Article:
The 2016 Election Puts CIA Oversight in Play

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The lobby of the CIA headquarters in Langley, Virginia. Jason Reed JIR/Reuters

Updated | The elections may well have a big effect on Senate oversight of the CIA and other U.S. intelligence agencies. Should the Democrats retake the Senate, which the polls say they may do, the chairmanship of the Intelligence Committee would revert to the CIA's most vocal critic on the panel, California Democrat Dianne Feinstein—if she wants it. She previously chaired the panel from 2009 to 2015, when Republicans reclaimed the chamber.

Feinstein oversaw the panel's controversial investigation of the CIA's interrogation methods. The committee's current Republican chairman, North Carolina Senator Richard Burr, so loathed its damning findings that he demanded that Obama administration officials return their copies of the full 6,000-page report.

For Burr to keep the gavel, the Republicans have to win a number of toss-up races, including his own, which the New York Times reports he has won. Burr supports aggressive use of CIA drone strikes to kill suspected terrorists, which Hillary Clinton has also backed, but his efforts to suppress the intelligence panel's report on CIA torture made him anathema to liberal Democrats.

On the House side, five-term California Republican Representative Devin Nunes, a Trump supporter, is expected to glide to re-election and retain his chairmanship of the Permanent Select Committee on Intelligence.

Rumors have swirled that Feinstein, 83, could be offered a top post in an administration of her close friend Hillary Clinton, including secretary of defense. But her age, and the lung cancer diagnosis of her husband, billionaire investment banker Richard Blum, more likely would motivate her to stay closer to home, sources tell Newsweek. Defense secretaries are constantly on the move, inspecting the readiness of U.S. troops and conferring with allied counterparts.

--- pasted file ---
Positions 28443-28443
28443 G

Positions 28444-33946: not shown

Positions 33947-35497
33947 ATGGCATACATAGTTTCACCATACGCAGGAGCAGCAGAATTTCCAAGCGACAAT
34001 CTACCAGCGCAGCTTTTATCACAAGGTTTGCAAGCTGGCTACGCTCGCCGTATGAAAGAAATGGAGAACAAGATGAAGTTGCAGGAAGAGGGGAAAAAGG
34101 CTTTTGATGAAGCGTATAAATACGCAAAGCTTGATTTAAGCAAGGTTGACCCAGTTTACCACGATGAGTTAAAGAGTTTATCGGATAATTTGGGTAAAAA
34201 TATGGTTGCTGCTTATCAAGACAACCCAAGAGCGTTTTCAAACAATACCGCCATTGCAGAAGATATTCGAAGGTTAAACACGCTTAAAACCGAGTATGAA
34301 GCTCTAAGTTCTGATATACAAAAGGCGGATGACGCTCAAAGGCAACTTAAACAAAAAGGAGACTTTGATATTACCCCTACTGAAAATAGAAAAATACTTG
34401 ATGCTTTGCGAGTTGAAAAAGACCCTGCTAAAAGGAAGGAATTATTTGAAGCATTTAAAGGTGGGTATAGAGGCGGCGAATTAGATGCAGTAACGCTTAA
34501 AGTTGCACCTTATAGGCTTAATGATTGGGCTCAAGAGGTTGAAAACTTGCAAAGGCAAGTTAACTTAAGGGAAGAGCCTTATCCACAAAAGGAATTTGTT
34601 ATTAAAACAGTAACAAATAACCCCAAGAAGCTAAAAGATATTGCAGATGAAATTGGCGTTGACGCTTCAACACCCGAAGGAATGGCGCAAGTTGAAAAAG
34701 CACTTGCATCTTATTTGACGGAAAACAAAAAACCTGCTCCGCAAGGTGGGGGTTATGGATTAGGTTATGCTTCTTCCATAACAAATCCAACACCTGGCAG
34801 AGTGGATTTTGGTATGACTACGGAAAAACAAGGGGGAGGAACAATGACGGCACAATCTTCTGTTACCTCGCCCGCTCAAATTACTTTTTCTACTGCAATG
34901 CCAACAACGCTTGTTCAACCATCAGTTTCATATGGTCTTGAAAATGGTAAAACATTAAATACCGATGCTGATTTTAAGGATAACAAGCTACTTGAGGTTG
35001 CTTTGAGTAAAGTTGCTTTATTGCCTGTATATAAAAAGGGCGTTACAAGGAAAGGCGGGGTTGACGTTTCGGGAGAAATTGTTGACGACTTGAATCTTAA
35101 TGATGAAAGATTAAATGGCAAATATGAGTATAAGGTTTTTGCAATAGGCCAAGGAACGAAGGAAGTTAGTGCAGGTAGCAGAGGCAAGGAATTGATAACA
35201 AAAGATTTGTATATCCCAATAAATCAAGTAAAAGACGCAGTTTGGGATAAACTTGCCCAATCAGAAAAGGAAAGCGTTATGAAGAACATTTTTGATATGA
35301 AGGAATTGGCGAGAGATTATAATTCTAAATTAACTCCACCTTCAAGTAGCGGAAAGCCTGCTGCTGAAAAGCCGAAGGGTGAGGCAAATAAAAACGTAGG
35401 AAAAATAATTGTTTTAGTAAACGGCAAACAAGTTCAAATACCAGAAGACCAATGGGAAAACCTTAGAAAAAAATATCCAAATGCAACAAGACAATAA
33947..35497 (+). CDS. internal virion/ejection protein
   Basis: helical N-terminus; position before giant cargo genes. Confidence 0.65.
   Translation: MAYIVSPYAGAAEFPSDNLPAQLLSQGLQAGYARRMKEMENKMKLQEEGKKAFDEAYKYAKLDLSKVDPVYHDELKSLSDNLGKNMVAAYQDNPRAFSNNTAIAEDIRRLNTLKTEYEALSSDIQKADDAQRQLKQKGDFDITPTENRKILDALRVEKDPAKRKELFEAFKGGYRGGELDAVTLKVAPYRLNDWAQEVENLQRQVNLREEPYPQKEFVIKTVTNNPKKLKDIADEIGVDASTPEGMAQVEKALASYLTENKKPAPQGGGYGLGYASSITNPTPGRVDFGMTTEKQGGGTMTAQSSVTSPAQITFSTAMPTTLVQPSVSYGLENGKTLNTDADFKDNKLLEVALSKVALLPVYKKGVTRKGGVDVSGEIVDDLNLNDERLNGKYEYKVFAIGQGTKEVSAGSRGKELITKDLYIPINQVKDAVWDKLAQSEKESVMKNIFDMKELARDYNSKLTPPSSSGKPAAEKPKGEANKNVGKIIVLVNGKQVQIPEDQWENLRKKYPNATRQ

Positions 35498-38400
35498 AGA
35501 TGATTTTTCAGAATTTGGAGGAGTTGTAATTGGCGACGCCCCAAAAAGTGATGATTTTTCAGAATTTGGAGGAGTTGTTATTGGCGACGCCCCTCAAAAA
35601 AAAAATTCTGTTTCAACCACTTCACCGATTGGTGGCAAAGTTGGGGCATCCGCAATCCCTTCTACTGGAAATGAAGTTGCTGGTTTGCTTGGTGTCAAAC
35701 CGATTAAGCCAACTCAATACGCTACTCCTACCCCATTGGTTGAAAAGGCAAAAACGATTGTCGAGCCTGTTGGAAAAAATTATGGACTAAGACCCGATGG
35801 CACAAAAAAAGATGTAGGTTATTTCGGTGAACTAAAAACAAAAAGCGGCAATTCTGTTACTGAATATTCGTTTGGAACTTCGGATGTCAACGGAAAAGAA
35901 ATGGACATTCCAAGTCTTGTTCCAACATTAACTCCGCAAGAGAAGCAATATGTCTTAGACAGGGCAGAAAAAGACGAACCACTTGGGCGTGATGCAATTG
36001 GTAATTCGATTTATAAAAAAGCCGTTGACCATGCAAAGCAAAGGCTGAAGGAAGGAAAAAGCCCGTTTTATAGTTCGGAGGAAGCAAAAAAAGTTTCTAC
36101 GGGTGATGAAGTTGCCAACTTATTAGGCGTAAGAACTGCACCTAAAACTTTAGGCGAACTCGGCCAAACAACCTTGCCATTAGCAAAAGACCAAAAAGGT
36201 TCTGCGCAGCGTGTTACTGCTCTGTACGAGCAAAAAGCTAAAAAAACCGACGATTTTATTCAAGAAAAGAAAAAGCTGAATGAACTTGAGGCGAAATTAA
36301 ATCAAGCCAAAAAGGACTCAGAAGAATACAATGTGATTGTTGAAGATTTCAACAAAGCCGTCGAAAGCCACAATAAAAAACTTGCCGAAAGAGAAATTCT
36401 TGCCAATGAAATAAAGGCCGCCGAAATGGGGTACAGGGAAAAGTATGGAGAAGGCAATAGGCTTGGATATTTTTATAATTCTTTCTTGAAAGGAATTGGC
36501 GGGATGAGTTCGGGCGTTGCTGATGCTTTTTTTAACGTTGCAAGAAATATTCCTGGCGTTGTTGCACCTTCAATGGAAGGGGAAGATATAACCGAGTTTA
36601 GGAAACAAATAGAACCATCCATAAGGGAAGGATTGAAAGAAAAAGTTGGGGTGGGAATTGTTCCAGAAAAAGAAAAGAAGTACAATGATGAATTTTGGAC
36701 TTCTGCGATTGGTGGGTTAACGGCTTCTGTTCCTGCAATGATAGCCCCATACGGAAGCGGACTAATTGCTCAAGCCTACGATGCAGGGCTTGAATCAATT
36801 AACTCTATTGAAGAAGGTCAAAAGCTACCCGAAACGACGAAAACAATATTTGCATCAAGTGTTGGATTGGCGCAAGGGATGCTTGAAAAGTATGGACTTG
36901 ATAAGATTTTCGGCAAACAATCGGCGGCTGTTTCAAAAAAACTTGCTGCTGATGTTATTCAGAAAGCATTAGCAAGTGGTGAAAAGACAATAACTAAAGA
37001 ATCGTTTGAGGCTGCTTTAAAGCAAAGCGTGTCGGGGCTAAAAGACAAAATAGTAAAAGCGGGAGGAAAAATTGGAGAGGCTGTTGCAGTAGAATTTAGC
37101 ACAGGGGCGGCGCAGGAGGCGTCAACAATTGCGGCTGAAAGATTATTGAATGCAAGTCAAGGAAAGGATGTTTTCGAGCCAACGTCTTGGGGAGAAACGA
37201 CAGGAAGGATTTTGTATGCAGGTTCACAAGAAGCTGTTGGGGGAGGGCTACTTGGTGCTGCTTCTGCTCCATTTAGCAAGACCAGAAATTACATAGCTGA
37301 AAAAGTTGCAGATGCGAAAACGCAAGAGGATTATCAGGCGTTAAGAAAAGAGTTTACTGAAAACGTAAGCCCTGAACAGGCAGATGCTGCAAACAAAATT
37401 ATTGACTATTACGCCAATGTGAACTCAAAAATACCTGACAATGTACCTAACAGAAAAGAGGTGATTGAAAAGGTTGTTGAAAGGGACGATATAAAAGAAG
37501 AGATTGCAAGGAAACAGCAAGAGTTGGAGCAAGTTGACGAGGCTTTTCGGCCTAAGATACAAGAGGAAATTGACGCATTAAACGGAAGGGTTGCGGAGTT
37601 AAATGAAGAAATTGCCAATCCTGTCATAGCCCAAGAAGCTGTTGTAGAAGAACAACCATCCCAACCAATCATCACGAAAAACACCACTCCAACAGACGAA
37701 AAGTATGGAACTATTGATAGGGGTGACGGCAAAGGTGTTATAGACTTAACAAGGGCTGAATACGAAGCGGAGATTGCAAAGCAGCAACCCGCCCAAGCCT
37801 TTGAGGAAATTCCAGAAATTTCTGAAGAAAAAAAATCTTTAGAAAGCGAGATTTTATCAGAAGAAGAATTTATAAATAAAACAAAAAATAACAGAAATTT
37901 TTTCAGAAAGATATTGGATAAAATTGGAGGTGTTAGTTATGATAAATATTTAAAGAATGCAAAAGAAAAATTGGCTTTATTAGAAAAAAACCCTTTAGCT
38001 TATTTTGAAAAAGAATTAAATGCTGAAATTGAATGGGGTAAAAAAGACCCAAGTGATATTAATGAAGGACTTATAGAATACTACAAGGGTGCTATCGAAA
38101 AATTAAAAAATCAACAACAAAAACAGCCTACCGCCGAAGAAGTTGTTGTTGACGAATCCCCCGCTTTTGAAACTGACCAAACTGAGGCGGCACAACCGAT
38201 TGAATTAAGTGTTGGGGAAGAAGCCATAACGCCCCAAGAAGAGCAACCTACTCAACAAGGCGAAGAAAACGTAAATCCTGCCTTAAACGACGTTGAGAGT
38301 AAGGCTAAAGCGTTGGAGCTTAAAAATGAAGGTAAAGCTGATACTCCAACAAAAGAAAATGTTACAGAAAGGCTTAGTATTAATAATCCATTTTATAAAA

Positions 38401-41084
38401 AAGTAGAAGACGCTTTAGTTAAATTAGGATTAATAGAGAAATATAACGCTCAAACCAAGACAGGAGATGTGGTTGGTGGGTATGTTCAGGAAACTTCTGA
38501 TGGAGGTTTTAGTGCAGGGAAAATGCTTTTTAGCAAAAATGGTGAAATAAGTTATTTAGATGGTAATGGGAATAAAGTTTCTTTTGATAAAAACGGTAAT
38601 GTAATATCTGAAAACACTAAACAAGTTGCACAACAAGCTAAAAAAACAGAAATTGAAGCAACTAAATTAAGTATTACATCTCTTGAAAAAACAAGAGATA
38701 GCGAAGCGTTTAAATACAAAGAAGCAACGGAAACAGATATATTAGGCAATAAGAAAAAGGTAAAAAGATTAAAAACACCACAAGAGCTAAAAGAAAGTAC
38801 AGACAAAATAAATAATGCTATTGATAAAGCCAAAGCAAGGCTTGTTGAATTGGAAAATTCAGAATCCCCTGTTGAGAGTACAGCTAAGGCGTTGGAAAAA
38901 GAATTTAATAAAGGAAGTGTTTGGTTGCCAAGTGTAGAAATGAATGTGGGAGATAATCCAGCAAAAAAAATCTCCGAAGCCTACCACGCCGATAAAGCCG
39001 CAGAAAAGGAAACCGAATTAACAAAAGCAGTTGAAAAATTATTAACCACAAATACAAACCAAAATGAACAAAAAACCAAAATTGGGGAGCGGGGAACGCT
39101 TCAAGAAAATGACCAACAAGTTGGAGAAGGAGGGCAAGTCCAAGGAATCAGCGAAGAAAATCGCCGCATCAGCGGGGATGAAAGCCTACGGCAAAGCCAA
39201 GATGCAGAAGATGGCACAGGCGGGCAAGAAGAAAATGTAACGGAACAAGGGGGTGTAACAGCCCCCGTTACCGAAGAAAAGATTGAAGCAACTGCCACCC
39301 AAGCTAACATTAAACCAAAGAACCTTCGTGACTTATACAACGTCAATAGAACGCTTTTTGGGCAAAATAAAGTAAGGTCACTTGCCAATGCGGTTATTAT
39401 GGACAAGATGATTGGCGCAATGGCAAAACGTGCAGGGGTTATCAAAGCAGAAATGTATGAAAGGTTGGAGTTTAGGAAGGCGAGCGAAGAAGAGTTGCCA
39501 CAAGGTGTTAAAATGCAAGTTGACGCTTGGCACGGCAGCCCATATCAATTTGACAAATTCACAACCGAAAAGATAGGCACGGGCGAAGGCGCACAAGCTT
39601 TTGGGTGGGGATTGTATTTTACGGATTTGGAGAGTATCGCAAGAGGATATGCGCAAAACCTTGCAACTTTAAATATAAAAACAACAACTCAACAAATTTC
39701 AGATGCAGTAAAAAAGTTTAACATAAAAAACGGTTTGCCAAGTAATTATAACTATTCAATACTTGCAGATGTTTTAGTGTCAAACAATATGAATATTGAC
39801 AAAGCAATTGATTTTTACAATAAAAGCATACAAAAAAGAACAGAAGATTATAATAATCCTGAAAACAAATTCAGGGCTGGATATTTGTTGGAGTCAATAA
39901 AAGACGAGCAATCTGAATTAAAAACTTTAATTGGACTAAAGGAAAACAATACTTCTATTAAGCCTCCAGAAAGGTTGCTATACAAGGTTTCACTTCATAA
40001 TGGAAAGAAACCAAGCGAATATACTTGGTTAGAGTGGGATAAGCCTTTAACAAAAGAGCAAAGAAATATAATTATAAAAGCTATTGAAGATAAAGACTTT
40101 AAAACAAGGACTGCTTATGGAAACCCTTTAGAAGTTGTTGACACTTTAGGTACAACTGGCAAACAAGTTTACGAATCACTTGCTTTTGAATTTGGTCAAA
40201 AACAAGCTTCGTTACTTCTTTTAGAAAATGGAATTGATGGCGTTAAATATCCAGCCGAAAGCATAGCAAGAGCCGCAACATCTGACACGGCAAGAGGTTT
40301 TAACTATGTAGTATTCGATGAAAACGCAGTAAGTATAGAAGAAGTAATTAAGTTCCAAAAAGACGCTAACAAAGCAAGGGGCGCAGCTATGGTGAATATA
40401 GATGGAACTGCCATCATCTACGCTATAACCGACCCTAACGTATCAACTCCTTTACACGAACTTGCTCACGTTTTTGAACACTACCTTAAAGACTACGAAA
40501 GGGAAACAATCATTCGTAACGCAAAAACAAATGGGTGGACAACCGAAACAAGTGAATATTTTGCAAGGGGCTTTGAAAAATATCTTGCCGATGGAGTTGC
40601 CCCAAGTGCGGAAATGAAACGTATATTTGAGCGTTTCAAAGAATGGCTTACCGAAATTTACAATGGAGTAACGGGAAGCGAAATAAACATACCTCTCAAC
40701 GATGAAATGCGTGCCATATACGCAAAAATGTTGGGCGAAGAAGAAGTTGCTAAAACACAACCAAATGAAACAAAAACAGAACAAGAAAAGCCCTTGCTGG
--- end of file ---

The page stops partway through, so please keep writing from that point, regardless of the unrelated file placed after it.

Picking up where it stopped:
Feinstein's spokesman, Tom Mentzer, declined to comment on his boss's future plans, personal or political. After the five-term senator skipped the Democratic National Convention in July to tend to her husband, Mentzer said the cancer "was caught early, he's receiving treatment and expects to fully recover."

Should Feinstein reclaim the intelligence panel following a Clinton victory, CIA Director John Brennan might as well start packing. Although Clinton and Brennan worked closely together while she was secretary of state, notably to rid the world of Osama Bin Laden, the president-elect can be expected to inform Brennan that his services will no longer be needed—if only to please Feinstein. In 2014, the then-chairman and the CIA chief fought bitterly over her panel's investigation of CIA torture.

"The exhaustive 6,000-page Senate Intelligence Committee report fully documented the program," Feinstein told Reuters, "but the CIA under John's leadership has had difficulty confronting this dark chapter and learning from its mistakes."

As for Brennan's future in a Trump administration, the CIA chief all but took himself out of contention when he gave a speech in July saying he would not order the torture of suspected terrorists or target their families, as the Republican candidate has vowed.

Waiting in line should Feinstein step down: Mark Warner of Virginia, a wonky former governor who made a fortune as cofounder of the company that became Nextel. (Ron Wyden of Oregon, who outranks Warner on the panel, is expected to take over the Finance Committee should the Democrats prevail in Senate races.)

With a reputation for building bipartisan consensus on his pet issues, particularly cybersecurity, Warner would likely focus on trying to make sure the intelligence agencies do a better job of protecting U.S. infrastructure from foreign hackers—a matter of considerable embarrassment after China's repeated penetrations of U.S. targets, including a shocking theft of up to 600,00 files from the federal Office of Personnel Management.

This article has been updated to reflect that Richard Burr has reportedly defeated Deborah Ross.